- order the abuser to pay you for reasonable losses resulting from the abuse (this may include the cost of medical/ dental care, relocation and moving expenses, attorney and counseling costs, as well as loss of earnings or support); and
- grant any other appropriate relief you request.
Whether or not a judge orders any or all of the above depends on the facts of your case.
How much does it cost?
You will not be required to pay any fees when you file a petition for a protection from abuse order. If you are granted a PFA, the judge may require the defendant to pay all the fees of filing and service as well as an additional $100, which goes towards enforcement of domestic violence laws.
In which county can I file for a protection from abuse order?
You can file a petition in the county where you live (permanently or temporarily) or work, in any county where the abuser can be served (i.e., where s/he lives or works), or in the county where the abuse took place. However, if you are going to be asking the judge to remove the abuser from the home you share, you MUST file the petition in the county where your home is located.
What types of protection from abuse orders are there? How long do they last?
In Pennsylvania, there are a few different types of protection from abuse orders (“PFA”). The type of PFA you may initially get depends on whether the judge believes you need protection or not.
If you need immediate protection when the courts are closed (such as on a weekend, late night or holiday), you can call your local police department or 911. They will tell you which magisterial district judge is on-call that night, and provide you with the telephone number where you can reach her or him. If the judge thinks you are in immediate danger, s/he may grant you an emergency order. An emergency order will only last until the next business day. An emergency order is designed to give you protection until a court opens and you have a chance to ask for an ex parte temporary PFA. If you do not go to court on the next business day to apply for an ex parte temporary PFA, your emergency order will expire.
Ex Parte Temporary Order
When you ask the court for a PFA, a judge will give you an ex parte temporary PFA if s/he finds that you or your minor children are in danger of further domestic abuse and need immediate protection. "Ex parte" means that the judge will make this decision based only on the information you provide, without the abuser being in court. This temporary order will last until your full court hearing for the final PFA where the abuser has an opportunity to testify and present evidence. A hearing is usually scheduled within 10 business days. If the abuser has a gun or weapon, be sure to tell this to the judge when applying for your ex parte temporary PFA so that the judge can order the weapon to be immediately turned over to the sheriff.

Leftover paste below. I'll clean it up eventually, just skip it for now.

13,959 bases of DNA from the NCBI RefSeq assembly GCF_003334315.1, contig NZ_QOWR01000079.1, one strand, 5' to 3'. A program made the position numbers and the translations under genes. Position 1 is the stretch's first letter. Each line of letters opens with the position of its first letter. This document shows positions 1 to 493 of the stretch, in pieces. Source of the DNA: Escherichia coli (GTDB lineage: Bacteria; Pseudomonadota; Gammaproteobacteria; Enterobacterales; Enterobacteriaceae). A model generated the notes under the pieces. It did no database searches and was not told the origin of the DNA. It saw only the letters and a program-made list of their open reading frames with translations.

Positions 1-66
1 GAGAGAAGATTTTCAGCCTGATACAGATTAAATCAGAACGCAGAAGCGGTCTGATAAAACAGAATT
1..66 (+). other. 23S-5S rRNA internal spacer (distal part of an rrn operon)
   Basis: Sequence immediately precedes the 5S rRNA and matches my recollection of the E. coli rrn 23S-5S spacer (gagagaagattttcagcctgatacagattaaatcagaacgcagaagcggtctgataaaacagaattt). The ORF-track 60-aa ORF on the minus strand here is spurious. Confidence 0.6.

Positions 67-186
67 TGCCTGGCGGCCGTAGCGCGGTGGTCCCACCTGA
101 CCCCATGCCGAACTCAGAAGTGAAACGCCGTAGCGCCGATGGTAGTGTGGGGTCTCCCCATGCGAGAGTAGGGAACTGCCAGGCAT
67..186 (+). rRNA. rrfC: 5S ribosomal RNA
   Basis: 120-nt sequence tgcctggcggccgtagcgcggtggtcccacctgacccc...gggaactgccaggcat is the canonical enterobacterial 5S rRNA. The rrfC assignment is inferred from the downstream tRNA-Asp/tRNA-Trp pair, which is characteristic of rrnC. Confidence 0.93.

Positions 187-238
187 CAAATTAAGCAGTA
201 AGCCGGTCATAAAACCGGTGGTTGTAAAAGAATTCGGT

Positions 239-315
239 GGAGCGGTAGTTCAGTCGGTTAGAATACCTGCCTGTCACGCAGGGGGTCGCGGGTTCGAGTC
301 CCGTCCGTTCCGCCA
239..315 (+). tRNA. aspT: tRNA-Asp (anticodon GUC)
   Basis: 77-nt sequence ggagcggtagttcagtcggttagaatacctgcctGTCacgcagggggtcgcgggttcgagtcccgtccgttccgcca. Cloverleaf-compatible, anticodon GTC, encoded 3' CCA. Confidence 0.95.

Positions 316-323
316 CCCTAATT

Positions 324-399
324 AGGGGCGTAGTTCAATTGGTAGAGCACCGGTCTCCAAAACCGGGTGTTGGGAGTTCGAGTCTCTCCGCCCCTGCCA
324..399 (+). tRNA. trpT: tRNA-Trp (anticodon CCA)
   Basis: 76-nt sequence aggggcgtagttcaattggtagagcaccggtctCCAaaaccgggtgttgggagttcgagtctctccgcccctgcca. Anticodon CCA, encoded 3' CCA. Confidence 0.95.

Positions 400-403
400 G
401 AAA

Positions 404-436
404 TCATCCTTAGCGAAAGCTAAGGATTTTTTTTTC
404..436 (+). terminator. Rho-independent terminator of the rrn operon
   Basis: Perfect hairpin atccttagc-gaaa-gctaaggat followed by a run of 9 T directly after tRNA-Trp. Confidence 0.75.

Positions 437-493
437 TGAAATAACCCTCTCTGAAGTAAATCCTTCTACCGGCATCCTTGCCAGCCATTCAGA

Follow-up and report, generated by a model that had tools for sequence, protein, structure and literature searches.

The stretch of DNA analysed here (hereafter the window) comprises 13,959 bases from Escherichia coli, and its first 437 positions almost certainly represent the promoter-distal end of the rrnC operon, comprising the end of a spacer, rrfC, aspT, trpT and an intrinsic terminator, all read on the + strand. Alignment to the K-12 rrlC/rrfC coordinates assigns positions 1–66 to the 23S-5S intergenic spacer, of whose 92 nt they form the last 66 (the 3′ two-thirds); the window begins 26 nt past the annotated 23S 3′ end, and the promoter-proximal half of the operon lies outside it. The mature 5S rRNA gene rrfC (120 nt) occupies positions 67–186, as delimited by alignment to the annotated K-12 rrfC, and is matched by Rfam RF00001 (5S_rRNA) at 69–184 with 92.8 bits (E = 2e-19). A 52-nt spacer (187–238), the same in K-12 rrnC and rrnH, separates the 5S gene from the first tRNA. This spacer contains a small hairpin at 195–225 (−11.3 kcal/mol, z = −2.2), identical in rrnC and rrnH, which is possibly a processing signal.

FINAL PFA ORDER
After a final hearing where both parties are present to tell their side of the story, a court may grant a final PFA. Final PFAs are valid for up to three years.
Who can get a protection from abuse order (PFA)?
If you are an adult (person 18 or over) or emancipated minor, you can seek legal protection from acts of domestic abuse done to you or your minor child by a family or household member, which includes:
- your husband or ex-husband;
- your wife or ex-wife;
- a person who lives or lived with you as a spouse;
- your brother or sister;
- your parent or child;
- a family member related to you by blood or marriage;
- a current or former sexual or intimate partner; and
- someone you have a child in common with.
Can I get a protection from abuse order against a same-sex partner?
Can I get a protection from abuse order if I am a minor?
Yes. However, as a minor* (a person under the age of 18), you will need a parent, adult household member or guardian ad litem to file the protection from abuse order on your behalf.
STEPS FOR GETTING A PFA ORDER
Step 1: Get the petition at the courthouse.